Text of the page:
The researchers also pointed out that at 12 months, 15% of the babies in their study were not sleeping midnight to five am, and were not sleeping 8 hours. That’s not an insignificant number. If you have a one year old that is not sleeping through, you are not the only one! 28% of 12 month olds were not sleeping 10pm to 6am, either. That’s helpful to know.

What the study does not point out, though we know well, is that sleep is not a straight trajectory: sleeping through at 3 months does not mean sleeping through at 9 months. Parents who connect with me when their babies are 9 months old are experiencing this!

Ultimately, this study helps us understand that we can expect that the most rapid consolidation of sleep regulation will happen in the first 4 months (without us doing a thing), and that if babies are experiencing really challenging sleep over that time, it is worth exploring what may be getting in their way.

Henderson’s study does not suggest that babies who are unable to sleep through the night at four months need to be “trained” to do so.

What this study does not help us understand is why some babies do not meet these sleep criteria by four months. This study also doesn’t suggest that if babies are not meeting these criteria they need to be ‘trained’ to do so.

What does this mean for parents? It means that:

  1. You can expect big shifts towards consolidated sleep and longer stretches of sleep at night in the first 3 or 4 months;

  2. Even though this shift is expected, it may not feel like you are well rested during these early months. Sleep interruptions are still common, especially when we add in illness, prematurity, reflux, early teething, tummy troubles, and other interruptors;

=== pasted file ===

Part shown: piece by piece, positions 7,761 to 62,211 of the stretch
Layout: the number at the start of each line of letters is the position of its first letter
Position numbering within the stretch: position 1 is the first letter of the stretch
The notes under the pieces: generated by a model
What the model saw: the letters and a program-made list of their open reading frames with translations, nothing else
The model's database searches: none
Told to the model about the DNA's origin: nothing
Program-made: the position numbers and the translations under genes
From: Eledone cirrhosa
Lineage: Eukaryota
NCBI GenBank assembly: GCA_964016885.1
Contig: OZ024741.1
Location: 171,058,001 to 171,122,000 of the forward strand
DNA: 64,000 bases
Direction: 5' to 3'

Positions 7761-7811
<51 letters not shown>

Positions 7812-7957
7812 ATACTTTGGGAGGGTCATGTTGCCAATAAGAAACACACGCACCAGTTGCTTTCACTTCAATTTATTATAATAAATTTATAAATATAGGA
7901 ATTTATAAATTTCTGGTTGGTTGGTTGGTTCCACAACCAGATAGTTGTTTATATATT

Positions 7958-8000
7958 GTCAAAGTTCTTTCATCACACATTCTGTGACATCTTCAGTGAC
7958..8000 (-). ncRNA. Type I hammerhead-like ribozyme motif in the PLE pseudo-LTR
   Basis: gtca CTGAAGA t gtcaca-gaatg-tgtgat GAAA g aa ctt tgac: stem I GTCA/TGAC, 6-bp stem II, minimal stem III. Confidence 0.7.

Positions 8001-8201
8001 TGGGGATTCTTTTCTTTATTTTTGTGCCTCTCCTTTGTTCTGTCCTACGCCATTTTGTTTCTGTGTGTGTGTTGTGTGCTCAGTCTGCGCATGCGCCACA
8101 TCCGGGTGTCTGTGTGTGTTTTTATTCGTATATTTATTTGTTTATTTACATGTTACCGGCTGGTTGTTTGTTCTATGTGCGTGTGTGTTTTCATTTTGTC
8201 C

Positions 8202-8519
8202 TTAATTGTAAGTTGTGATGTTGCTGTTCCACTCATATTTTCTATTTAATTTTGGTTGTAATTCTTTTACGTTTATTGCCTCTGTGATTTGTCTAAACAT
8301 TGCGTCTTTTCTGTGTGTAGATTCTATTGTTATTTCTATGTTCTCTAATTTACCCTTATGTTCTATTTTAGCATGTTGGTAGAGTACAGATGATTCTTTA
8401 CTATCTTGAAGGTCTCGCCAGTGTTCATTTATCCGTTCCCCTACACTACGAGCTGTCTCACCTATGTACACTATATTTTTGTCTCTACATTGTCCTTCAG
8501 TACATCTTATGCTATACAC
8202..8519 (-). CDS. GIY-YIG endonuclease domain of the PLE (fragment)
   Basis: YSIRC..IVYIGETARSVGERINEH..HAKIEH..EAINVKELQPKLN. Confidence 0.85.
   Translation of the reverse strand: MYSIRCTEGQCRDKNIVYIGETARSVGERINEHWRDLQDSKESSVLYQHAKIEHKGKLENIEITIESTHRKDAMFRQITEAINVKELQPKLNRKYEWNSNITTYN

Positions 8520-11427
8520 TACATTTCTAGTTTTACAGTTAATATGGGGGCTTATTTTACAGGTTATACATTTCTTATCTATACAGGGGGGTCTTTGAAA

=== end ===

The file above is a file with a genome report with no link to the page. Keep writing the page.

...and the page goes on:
3. If you are feeling like your baby is waaaay off course for sleep consolidation, you do not need to teach the skill through sleep training. A more helpful approach may be to sleuth out what may be getting in their way while still meeting their needs for support from a loving parent. It may be reassuring to know that even if most babies are consolidating sleep, not all babies are, and it does not mean that something is wrong. If mama gut or other factors raise your concern, reach out.

  4. In the meantime, your responsive, reflective parenting will provide your baby (and you!) with the sense that needs (physical and emotional) are being met;

  5. You have needs too! Building a village of support can be tricky and yet the value of it (a neighbour’s daughter visiting as a mother’s helper, asking your mom to come by, and finding a mom friend who can relate to the challenges, as well as valuing your own needs for sleep and for connection) can be felt so deeply. Look for your supports. To borrow words from Mr. Rogers, “look for the helpers. There are always helpers”. If support from me through this process would be helpful to you, I would be honoured to be part of your village.

Next week I will be reviewing an article about a five year follow-up study on the harms and benefits of behavioural sleep intervention.